By Samantha Johnson
My second baby is 7 weeks old, and the transition from one child to two has been so much smoother than I could ever have anticipated.
I know there’s a few reasons for this: my first baby was HARD work, so my expectations of these newborn days were already incredibly low. My firstborn had also ensured I had learnt every trick in the book when it came to sleep and settling a baby – ultimately, this meant that I’d surrendered to my child’s needs, and I knew that most of the time, a boob and a warm body would be all that was needed to ensure he was getting the rest he needed.
But most importantly, by the time my second baby was born, my day was no longer structured around nap time.
And because my firstborn had given up his daily nap before his sister was born, I had learnt something very important – when we stop expecting the daily break time that a several-hours-long nap gives us, we realise we don’t rely on it quite as much as we thought we did.
When my son was an only child, I craved his nap time. His high energy demands took a lot out of me, and I craved those quiet hours of (almost) solitude, while he napped beside me. So precious was this time in my day, that I guarded it at all costs. All of our activities were based around an ability to be home, alone, in time for his nap. It became the absolute foundation to our days.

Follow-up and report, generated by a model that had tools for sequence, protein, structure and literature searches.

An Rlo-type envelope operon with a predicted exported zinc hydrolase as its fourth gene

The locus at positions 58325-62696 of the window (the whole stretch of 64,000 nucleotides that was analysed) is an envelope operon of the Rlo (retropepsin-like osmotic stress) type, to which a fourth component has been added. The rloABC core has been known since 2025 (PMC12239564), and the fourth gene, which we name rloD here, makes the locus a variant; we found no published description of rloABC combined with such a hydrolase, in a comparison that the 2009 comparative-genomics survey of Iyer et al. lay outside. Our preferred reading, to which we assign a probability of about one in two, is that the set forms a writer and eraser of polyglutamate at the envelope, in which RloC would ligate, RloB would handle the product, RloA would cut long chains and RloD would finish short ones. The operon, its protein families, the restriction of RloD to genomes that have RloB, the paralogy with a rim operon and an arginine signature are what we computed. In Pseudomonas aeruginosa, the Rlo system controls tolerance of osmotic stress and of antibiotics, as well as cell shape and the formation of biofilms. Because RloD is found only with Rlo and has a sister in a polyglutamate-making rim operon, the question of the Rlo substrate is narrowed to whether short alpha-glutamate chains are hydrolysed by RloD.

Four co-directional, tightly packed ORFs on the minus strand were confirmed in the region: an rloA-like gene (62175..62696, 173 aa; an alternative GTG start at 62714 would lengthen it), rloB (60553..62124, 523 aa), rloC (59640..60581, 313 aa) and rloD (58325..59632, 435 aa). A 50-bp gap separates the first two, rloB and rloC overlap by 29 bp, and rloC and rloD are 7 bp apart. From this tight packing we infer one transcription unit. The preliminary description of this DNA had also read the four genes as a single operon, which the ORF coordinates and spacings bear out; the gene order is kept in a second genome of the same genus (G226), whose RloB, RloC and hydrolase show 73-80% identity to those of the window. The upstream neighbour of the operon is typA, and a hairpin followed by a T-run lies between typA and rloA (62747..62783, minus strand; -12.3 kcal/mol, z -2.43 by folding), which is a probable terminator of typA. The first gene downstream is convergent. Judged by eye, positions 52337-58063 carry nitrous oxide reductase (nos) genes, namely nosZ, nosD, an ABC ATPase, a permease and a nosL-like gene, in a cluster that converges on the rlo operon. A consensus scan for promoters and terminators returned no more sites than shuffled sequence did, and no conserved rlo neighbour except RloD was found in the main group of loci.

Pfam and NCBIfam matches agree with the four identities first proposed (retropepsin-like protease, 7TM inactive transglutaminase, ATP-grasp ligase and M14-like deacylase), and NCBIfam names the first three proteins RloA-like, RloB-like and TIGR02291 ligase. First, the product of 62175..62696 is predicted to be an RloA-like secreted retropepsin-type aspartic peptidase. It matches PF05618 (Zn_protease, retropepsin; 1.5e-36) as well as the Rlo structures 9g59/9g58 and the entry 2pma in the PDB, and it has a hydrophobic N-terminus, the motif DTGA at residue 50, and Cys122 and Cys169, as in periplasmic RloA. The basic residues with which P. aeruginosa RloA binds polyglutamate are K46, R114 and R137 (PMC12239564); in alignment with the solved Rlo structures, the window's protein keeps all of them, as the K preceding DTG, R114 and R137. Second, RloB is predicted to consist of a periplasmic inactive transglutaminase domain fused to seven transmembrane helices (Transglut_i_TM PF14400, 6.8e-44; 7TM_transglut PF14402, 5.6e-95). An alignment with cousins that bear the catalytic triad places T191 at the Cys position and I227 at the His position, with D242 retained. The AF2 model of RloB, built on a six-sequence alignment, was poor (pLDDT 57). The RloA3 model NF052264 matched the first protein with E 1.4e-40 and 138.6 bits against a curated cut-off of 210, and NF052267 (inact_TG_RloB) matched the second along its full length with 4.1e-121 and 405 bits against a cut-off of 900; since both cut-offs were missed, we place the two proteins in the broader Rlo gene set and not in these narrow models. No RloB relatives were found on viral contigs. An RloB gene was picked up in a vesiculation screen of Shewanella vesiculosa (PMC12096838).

I melted into the idea of sharing sleep time with my son, as I knew there was a guaranteed rest period in my day. And I protected that time, fiercely.
Towards the end of my pregnancy, my son dropped his daytime sleep.
That precious time I had enjoyed for almost three years, was gone!
And I mourned its passing.
But it didn’t take long for us to find a new rhythm to our days, and I began to realise how much more enjoyable our life could be when it didn’t need to be dictated by the nap time schedule.
See, I had accepted that my son needed to be close to me for naps, and I had willingly met those needs.
But I had, in doing that, also accepted the belief that young children need long, uninterrupted stretches of daytime sleep in dark rooms.
As the arrival of our daughter loomed closer, I started to wonder just how accurate this assumption of infant sleep was, and began to think about the impact it had on our lives.
Sure, the downtime and rest was absolutely cherished; especially when my son was an incredibly frequent night waker for the first two years of his life.
But at what cost, was my addiction to nap time?
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